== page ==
In carrying out the invention and according to another aspect thereof, there is provided a computer program for use in an editing apparatus connected to one or more electronic music apparatus which has a tone generator settable by setting information to generate a music tone signal in accordance with play data and an open memory accessible for storing identification information capable of identifying the electronic music apparatus and setting information specific to the electronic music apparatus, and which reads out the identification information from the open memory and sends the read identification information to the editing apparatus and receives setting information from the editing apparatus and writes the received setting information into the open memory, and which operates when the setting information is written into the open memory for applying the written setting information to the tone generator to set the same. The computer program is executable by the editing apparatus to perform a method comprising an editing step of editing setting information of each electronic musical apparatus, a storing step of storing the setting information in association with the identification information of each electronic music apparatus in a storage, and a control step of receiving the identification information sent from the electronic music apparatus, identifying the electronic music apparatus which sends the identification information according to the received identification information, locating the setting information stored in the storage in association with the received identification information, and sending the located setting information to the identified electronic music apparatus.

Consequently, the editing apparatus which is used for the electronic music apparatus setting information editing system can be realized by making a computer execute this program.

In carrying out the invention and according to still another aspect thereof, there is provided an electronic music apparatus designed for generating a music tone signal according to play data, and connected to an editing apparatus capable of editing setting information. The inventive electronic music apparatus comprises a tone generating section that is settable by setting information to generate a music tone signal in accordance with play data, a memory section that has an open memory area accessible for storing identification information capable of identifying the electronic music apparatus and for storing setting information specific to the electronic music apparatus, an information transfer section that reads out the identification information from the open memory area and sends the read identification information to the editing apparatus, and that receives setting information corresponding to the sent identification information from the editing apparatus and writes the received setting information into the open memory area, and a setting section operative when the setting information is written into the open memory area by the information transfer section for applying the written setting information to the tone generating section to set the same.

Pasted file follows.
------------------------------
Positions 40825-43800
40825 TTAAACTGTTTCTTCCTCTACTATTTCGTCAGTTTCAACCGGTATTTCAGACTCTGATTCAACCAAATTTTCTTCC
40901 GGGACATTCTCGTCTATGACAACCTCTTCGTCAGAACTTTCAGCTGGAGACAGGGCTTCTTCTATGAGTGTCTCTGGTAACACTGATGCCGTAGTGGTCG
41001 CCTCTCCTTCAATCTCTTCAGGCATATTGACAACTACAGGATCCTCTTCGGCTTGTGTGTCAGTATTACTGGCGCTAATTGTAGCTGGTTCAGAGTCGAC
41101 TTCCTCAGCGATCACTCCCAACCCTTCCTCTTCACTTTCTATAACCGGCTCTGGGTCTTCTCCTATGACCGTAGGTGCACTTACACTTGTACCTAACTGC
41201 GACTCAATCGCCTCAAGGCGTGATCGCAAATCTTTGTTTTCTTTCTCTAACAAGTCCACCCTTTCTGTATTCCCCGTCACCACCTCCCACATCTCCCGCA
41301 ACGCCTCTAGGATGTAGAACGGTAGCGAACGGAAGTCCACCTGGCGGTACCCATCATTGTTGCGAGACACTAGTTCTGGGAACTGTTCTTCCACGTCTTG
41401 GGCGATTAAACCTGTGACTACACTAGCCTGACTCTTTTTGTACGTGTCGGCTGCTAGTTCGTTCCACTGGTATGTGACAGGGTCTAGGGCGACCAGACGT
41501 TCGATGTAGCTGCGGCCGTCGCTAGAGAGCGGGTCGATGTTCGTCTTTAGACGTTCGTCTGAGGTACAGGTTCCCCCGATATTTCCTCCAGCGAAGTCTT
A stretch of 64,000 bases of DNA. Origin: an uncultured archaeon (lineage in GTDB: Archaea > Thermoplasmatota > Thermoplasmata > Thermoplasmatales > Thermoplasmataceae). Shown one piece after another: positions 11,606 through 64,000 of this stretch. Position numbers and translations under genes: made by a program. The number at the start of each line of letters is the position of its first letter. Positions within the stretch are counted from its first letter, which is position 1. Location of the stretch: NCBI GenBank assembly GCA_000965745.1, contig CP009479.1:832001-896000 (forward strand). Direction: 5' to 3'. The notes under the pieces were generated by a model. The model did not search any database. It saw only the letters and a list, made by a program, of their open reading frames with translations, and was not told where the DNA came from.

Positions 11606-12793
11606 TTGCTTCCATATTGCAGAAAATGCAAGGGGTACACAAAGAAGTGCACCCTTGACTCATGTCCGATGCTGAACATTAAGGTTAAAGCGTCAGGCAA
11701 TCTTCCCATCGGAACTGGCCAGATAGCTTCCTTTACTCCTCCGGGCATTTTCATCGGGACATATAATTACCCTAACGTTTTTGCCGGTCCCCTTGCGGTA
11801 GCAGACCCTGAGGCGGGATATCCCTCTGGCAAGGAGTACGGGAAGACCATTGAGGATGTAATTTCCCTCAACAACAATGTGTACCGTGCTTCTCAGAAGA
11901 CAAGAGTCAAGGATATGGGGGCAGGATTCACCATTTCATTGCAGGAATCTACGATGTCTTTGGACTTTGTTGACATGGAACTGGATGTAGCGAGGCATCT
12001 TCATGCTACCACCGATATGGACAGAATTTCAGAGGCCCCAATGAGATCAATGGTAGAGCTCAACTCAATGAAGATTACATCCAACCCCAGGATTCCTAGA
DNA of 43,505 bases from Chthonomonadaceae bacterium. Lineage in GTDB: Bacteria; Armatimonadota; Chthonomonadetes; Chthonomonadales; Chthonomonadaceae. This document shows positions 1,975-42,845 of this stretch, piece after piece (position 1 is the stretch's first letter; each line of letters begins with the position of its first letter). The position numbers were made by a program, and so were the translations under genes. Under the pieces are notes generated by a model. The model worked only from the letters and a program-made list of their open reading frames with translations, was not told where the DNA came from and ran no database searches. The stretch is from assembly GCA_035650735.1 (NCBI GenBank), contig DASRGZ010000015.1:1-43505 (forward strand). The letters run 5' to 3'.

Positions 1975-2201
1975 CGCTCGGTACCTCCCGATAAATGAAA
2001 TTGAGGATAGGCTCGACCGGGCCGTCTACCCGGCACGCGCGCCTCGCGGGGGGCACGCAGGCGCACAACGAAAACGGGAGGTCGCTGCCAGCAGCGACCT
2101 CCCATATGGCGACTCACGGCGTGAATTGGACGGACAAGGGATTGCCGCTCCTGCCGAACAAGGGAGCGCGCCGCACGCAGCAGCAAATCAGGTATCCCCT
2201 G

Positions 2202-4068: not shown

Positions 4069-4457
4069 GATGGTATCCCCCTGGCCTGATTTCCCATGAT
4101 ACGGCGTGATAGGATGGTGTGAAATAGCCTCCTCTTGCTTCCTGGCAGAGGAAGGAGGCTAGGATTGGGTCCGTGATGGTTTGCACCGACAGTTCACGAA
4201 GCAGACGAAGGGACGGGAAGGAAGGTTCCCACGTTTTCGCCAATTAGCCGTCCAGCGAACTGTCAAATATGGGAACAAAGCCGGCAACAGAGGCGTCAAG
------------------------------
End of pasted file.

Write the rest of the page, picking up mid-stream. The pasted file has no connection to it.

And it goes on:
Consequently, the electronic music apparatus which is used for the electronic music apparatus setting information editing system can be realized.

As described, the present invention is advantageous in that the setting information stored in the editing apparatus can be easily transferred to the corresponding electronic music apparatus. The simplified transfer can prevent the data other than the setting information supplied from the externally connected editing apparatus or the like from being set inadvertently to the tone generating section.

In addition, the default setting information which is usually used by the tone generating section cannot be erased or overwritten erroneously by the transfer from the externally connected editing apparatus or the like.

BRIEF DESCRIPTION OF THE DRAWINGS

FIG. 1 is a schematic diagram illustrating an electronic music apparatus setting information editing system practiced as one embodiment of the invention.